New elmisaurine specimens from North America and their relationship to the Mongolian Elmisaurus rarus
New specimens from Canada confirm the presence of elmisaurines in North America and shed light on the relationship of Leptorhynchos elegans to Mongolian forms. These specimens have hindlimb elements previously unknown from elmisaurines in the Dinosaur Park Formation, including tibiae and pedal phalanges. Metatarsal anatomy is sufficiently different to merit a generic distinction from Elmisaurus rarus, and both can be distinguished from Caenagnathus collinsi Sternberg, 1940 and Chirostenotes pergracilis. Differences between these taxa include body size, degree of coossification of the tarsometatarsus, and development of cruciate ridges of the third metatarsal. Histological analysis confirms that these differences are not correlated with ontogenetic age of the specimens. The results support the informal separation of caenagnathids based on metatarsal structure, and allow comments on paleobiological differences between caenagnathids and oviraptorids.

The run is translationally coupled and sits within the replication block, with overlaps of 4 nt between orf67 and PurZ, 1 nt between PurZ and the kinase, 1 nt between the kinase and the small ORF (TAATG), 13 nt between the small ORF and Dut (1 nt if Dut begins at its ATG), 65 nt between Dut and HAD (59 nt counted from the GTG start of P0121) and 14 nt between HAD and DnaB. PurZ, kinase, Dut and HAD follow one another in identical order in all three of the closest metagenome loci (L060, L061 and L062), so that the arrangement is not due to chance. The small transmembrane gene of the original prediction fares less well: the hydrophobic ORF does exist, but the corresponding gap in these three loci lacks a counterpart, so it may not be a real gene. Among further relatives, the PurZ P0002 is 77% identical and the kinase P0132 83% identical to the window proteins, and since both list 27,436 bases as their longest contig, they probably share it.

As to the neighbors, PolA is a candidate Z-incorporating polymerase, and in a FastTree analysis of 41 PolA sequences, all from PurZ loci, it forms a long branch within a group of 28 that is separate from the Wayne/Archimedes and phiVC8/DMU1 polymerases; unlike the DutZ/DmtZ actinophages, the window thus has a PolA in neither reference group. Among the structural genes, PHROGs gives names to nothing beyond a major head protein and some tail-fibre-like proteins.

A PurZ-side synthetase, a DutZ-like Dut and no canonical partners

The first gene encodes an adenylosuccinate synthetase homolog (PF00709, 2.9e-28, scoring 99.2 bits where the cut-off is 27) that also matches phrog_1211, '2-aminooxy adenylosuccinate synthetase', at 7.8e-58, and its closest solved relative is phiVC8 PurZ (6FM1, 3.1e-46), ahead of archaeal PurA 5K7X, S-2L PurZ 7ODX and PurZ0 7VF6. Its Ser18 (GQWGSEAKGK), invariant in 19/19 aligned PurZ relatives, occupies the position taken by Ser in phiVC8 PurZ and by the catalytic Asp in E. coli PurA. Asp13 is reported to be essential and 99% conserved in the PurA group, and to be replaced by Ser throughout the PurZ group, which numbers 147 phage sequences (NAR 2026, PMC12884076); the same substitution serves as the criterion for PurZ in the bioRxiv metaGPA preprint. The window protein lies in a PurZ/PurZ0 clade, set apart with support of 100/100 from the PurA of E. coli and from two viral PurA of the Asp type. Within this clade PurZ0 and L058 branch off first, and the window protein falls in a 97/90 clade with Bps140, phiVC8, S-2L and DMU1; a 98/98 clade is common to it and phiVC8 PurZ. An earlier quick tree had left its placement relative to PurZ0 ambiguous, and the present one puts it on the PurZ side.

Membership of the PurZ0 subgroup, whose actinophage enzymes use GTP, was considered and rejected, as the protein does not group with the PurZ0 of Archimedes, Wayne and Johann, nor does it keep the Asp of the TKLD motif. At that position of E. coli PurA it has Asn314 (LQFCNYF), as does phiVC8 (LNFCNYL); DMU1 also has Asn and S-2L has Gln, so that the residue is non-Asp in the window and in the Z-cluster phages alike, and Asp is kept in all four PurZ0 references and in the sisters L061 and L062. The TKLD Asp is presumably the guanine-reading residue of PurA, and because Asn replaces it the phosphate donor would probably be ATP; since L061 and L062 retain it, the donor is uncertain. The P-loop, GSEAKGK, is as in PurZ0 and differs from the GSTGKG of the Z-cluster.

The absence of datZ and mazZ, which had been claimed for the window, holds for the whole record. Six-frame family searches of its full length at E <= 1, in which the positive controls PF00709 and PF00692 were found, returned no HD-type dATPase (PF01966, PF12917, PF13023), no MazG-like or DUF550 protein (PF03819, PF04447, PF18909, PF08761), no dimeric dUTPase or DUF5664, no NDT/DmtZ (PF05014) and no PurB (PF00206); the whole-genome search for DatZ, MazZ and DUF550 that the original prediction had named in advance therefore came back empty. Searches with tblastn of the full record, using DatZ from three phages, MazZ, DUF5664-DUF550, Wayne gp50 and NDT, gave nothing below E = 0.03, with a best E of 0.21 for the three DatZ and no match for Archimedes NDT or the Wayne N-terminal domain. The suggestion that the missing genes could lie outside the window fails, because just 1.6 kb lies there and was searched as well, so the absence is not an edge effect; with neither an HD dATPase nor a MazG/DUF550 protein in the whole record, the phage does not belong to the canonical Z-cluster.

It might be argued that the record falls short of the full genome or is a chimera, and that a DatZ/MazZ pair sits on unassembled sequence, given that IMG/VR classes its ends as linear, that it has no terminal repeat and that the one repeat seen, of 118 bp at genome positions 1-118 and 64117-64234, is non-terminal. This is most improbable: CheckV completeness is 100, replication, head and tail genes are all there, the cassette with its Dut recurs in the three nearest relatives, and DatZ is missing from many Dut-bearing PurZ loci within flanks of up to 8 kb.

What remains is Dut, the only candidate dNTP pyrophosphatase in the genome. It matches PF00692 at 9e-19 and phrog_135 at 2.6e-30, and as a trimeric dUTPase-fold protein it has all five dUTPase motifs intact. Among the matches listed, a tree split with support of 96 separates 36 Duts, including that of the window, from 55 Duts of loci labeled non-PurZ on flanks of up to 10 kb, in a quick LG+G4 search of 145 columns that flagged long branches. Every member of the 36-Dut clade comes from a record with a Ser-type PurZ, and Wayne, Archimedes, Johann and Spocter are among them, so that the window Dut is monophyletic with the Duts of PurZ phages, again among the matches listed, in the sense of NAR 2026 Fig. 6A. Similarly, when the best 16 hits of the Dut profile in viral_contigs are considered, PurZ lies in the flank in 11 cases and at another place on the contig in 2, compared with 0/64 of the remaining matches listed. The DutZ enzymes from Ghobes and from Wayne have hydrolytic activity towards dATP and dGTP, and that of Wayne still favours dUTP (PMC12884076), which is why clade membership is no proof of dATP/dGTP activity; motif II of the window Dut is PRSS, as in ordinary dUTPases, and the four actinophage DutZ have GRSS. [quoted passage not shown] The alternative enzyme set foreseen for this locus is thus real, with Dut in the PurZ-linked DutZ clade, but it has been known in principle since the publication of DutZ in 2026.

Key words: Dinosauria, Oviraptorosauria, Caenagnathidae, Elmisaurinae, Campanian, Maastrichtian, Canada, Saskatchewan, USA, Montana.
Gregory F. Funston [email@example.com], Philip J. Currie [firstname.lastname@example.org], and Michael E. Burns [email@example.com], Biological Sciences CW405, University of Alberta, Edmonton, Alberta T6G 2E9, Canada.
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